Afghanistan (1997-2002), Grozny and Kosovo (1999), the recent Palestin-
ian Intifda (since September 2000), and the war on Iraq (2003) have all
played a part in creating a transnational Muslim solidarity; a genuine and
conscious identification with others of the same religion. Samuel Hunting-
ton’s “clash of civilizations” thesis26 – positioning East and West, as well as
Islam and Christianity, as diametrically opposed and irreconcilable has only
served to build upon growing anti-American sentiment and increased
Orientalism through oversimplification and generalization.
Nothing, however, could have prepared the world for the 9/11 attacks on
the World Trade Center and the Pentagon. Reactions were swift, and associ-
ations between Islam, terrorism, and the notion of a “Christian versus
Islamic” conflict only served to further fuel anti-Islamic and anti-American
sentiment. It gave rise to the efforts of British far-right groups to paint
Muslims as epitomizing unwanted difference, and almost excused anti-
Islamic violence. In the days following the attack, an Afghan taxi driver was
attacked and left paralyzed in London. To the murderers, his beard and attire
resembled those of Osama bin Laden – the man thought to be behind the
9/11 attacks. Since then, books and television programs about Islam, the
Qur’an, jihad, international terrorism, international security, political Islam,
radical Islam, and Islamic militancy have been published to explore and dis-
cuss the many elaborated – and often conflated – debates on Muslims and
Islam. There appears to be genuine desire to learn more and deliberate the
issues in relation to a religion that, for many, has remained relatively unfa-
miliar, although this is not always carried out without a value-, power-, or
honor-free agenda.
In the aftermath of the 9/11 attacks, Prime Minister Tony Blair MP was
keen to present the imminent action against al-Qa’ida as not a war on Islam
(although President Bush’s comment that the war on terror would be a “cru-
sade” left little doubt in the minds of British Muslims that political Islam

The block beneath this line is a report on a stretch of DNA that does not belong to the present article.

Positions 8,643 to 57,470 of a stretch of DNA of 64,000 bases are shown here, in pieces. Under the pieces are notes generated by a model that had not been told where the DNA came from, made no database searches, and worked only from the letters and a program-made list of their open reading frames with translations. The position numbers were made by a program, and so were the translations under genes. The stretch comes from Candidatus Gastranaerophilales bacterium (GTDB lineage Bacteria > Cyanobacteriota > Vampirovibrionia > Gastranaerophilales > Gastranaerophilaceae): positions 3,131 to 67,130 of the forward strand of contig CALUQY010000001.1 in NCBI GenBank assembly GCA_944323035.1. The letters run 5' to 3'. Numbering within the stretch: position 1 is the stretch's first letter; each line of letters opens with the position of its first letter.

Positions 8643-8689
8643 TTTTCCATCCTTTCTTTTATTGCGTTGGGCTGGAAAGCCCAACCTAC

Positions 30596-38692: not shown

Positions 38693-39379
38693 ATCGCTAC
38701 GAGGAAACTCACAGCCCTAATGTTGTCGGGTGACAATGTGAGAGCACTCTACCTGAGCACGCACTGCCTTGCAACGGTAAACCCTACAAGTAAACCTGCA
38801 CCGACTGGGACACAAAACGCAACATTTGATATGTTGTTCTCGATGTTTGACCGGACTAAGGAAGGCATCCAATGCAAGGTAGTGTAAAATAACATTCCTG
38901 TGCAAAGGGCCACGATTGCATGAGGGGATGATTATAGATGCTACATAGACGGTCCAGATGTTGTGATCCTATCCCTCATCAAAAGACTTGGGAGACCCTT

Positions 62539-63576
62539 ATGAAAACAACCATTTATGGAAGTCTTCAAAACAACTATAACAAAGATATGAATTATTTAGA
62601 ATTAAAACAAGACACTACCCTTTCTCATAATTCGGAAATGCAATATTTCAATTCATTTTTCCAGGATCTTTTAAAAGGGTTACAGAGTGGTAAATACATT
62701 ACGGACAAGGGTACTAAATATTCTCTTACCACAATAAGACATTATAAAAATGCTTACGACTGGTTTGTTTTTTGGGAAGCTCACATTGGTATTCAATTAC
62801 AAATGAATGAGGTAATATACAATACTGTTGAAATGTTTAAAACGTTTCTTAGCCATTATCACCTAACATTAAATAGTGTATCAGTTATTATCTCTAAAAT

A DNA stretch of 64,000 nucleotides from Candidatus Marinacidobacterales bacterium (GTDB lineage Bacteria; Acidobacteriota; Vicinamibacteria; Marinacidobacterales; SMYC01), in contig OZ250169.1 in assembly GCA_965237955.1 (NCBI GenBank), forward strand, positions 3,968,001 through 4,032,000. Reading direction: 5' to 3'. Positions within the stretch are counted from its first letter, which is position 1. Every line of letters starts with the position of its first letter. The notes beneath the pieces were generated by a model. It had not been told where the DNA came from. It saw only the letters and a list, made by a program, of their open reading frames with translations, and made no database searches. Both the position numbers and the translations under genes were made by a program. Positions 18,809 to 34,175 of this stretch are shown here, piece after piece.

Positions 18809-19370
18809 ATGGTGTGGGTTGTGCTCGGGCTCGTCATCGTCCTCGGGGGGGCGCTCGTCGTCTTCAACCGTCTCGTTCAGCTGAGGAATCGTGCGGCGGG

was his main target). Blair’s dilemma was how “to balance the bombing of
Muslims abroad with wooing them at home.”27 On 28 September 2001, a
few hours after the attack on Afghanistan, a delegation from the Muslim
Council of Britain (MCB), Britain’s largest single Muslim pressure group
(formalized by New Labour in 1999), was invited to Downing Street.
32 The American Journal of Islamic Social Sciences 21:3
Paraded to the media were smiles and shaking hands. On 9 October 2001,
the MCB issued a press release strongly denouncing the war, an action that
incensed New Labour. Although the MCB did not support the anti-war
demonstrations, it clearly did not want to further alienate the government –
an important trade-off was taking place with politicians that would ulti-
mately gain the upper hand. This led to the beginning of the end of MCB’s
cozy relationship with Number Ten.
Furthermore, at the time, pressure was applied to the five British
Muslim parliamentarians (namely, MPs Khalid Mahmood and Mohammed
Sarwar, and the peers Lord Ahmed, Lord Patel, and Baroness Uddin) who
apparently were “encouraged” to sign a letter denouncing the events of 9/11
and partly justifying the retaliatory bombings (Guardian, 13 November
2001). Khalid Mahmood MP soon denied, however, that he had signed any
such letter (Guardian, 16 November 2001).28 Regardless of the accuracy of
these claims, it is clear that challenging struggles are taking place over
issues of consultation, dialogue, and the maintenance of the Muslim pres-
ence within New Labour.
Both external and internal forces affected the positions of British
Muslims before the 9/11 events. After this tragedy, both external and inter-
nal factors have been exacerbated. Externally, the international agenda now
dominates domestic politics, security and anti-terrorist measures have been
tightened, and citizenship tests are required for new immigrants. It is also
important to consider the disturbances in the north in 2001, as the govern-
ment’s reaction to them has had direct implications for British South Asian
Muslims. Internally, young Muslims are increasingly found in the precari-
ous position of having to choose between one set of loyalties in relation to
“the other” (Islamic verses British; liberal verses radical), and being
impacted by radical Islamic politics on the one hand and developments
related to British multicultural citizenship on the other. This creates ten-
sions and issues, which encourage some to take up the “struggle” more vig-
orously, while others seek to adopt more western values, for example.
Although a simplistic distinction, this observation does have a genuine
value in the current climate. Further research is needed to help distinguish
the depth and breadth of the issues involved here.
British multiculturalism is a distinctive philosophy that legitimizes
demands upon unity and diversity, seeks to achieve political unity without
cultural uniformity, and cultivates among its citizens both a common sense
of belonging and a willingness to respect and cherish deep cultural differ-
ences. Although this is an admirable ambition, it is not easily achieved. In
Abbas: After 9/11 33
fact, there are few examples one can use to verify its success. The New
Labour experiment has had both high successes and low failures – the Race
Relations (Amendment) Act 2000, the Human Rights Act 1998, the
Stephen Lawrence Report (1999). But as a result of 9/11 and the northern
“riots,” public policy has focused on domestic security and the war against
terrorism.